MInTheGap

Standing in the Gap in a Society that's Warring with God.

When Atheists Attack!

March 17th, 2007 Visited 5260 times, 1 so far today

We are now witnessing the rise of a new religion.  No, it’s not Islam, Buddhism, Hinduism, or Wicca.  This religion is relatively recent in its founding, and until present, content to remain calm in its demeanor.  Up until this present time they remained on the fringes, adhering to other people’s standards, and willing to live and let live, until now.

I’m sure you’ve seen it– atheist blogs that have sprouted up all over the place, willing to take on the high banner of belief in nothing but themselves and willing to not only preach the high calling of their religion, but to degrade anyone who would consider another.

The Wall Street Journal points out that the fact that atheists believed in nothing was once a cause for derision.  You could not trust them to follow through with an oath because what would bind them to it.  Now, the atheists are fighting back.  It’s not enough for them to live in peace with those that have faith in another religion– they must attack them.  Take away their symbols.  Accost them where they find them.  And now, ridicule their beliefs.

What is new about the new atheists? It’s not their arguments. Spend as much time as you like with a pile of the recent anti-religion books, but you won’t encounter a single point you didn’t hear in your freshman dormitory. It’s their tone that is novel. Belief, in their eyes, is not just misguided but contemptible, the product of provincial minds, the mark of people who need to be told how to think and how to vote–both of which, the new atheists assure us, they do in lockstep with the pope and Jerry Falwell.

For them, belief in God is beyond childish, it is unsuitable for children. Today’s atheists are particularly disgusted by the religious training of young people–which Dr. Dawkins calls “a form of child abuse.” He even floats the idea that the state should intervene to protect children from their parents’ religious beliefs.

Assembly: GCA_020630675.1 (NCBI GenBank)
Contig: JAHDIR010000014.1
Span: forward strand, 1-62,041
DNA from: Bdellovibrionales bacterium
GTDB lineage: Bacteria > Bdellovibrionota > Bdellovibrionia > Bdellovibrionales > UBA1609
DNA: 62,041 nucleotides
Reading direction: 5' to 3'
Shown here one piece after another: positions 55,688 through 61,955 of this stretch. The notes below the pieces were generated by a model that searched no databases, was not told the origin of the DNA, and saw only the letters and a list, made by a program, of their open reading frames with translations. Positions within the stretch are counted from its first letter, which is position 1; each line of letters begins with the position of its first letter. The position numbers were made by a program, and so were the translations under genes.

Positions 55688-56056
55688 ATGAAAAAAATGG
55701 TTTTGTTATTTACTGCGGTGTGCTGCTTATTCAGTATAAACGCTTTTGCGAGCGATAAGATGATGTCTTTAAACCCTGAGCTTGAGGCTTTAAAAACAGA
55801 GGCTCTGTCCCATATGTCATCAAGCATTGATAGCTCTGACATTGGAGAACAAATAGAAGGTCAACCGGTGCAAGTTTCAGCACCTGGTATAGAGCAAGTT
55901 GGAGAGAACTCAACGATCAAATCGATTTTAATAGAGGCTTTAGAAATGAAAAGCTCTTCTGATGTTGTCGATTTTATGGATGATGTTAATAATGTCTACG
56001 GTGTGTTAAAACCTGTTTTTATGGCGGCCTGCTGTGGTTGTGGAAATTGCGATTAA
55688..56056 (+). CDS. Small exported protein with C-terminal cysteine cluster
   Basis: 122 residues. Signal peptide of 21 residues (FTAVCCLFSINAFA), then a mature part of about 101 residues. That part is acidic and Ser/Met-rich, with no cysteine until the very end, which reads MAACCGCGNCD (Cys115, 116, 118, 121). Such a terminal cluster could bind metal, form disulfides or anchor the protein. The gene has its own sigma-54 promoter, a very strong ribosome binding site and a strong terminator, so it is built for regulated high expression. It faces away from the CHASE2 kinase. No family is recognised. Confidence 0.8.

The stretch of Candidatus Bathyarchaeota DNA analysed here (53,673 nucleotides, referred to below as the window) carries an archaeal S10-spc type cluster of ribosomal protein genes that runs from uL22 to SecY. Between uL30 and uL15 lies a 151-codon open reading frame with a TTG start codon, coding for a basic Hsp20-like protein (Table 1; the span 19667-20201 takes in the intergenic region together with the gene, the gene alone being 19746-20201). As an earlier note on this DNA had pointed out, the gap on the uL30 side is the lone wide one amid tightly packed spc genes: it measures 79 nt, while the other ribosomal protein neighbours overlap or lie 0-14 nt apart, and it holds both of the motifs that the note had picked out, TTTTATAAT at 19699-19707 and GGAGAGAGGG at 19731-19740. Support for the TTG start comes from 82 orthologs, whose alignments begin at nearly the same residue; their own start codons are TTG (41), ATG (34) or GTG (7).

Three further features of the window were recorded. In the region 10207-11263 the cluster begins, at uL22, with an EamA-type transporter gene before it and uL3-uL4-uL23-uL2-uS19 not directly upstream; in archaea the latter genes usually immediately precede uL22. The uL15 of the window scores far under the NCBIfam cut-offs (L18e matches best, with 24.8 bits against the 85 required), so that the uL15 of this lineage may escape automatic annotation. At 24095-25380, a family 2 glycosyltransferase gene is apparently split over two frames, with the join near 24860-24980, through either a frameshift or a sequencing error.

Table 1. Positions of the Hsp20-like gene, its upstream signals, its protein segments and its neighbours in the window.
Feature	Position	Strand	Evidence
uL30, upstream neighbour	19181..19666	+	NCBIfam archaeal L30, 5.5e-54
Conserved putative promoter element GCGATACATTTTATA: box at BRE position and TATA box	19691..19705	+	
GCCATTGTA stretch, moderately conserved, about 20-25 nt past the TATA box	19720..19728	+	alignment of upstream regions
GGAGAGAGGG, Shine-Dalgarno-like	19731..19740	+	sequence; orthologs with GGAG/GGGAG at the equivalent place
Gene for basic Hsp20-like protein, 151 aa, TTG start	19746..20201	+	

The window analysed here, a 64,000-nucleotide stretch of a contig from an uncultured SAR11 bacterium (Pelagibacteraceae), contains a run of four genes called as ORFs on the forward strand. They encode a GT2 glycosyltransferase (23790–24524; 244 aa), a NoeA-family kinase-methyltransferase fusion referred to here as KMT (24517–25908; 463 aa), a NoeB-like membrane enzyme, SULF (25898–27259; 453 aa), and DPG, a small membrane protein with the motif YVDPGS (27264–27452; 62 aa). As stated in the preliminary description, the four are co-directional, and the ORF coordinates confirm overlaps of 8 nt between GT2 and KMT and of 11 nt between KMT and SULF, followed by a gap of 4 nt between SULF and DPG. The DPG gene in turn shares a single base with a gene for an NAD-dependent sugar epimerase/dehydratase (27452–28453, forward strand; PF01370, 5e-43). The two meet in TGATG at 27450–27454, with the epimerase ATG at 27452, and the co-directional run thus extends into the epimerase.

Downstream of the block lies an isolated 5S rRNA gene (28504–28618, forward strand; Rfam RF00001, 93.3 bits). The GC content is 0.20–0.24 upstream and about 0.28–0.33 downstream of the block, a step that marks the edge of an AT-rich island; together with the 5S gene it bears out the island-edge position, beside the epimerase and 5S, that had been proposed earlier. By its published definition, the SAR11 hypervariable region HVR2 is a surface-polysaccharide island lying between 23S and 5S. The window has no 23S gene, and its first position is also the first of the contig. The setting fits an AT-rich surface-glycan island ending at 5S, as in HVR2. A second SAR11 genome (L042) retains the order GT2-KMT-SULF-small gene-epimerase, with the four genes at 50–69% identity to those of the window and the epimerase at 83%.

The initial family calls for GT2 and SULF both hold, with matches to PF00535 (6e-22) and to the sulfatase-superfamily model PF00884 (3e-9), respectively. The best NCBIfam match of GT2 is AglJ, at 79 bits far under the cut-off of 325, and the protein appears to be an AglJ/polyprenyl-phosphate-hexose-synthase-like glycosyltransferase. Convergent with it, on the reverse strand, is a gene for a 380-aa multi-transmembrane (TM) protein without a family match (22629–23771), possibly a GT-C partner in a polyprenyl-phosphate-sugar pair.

For the new atheists, believing in God is a form of stupidity, which sets off their own intelligence. They write as if they were the first to discover that biblical miracles are improbable, that Parson Weems was a fabulist, that religion is full of superstition. They write as if great minds had never before wrestled with the big questions of creation, moral law and the contending versions of revealed truth. They argue as if these questions are easily answered by their own blunt materialism. Most of all, they assume that no intelligent, reflective person could ever defend religion rather than dismiss it. The reviewer of Dr. Dawkins’s volume in a recent New York Review of Books noted his unwillingness to take theology seriously, a starting point for any considered debate over religion.

The faith that the new atheists describe is a simple-minded parody. It is impossible to see within it what might have preoccupied great artists and thinkers like Homer, Milton, Michelangelo, Newton and Spinoza–let alone Aquinas, Dr. Johnson, Kierkegaard, Goya, Cardinal Newman, Reinhold Niebuhr or, for that matter, Albert Einstein. But to pass over this deeper faith–the kind that engaged the great minds of Western history–is to diminish the loss of faith too. The new atheists are separated from the old by their shallowness.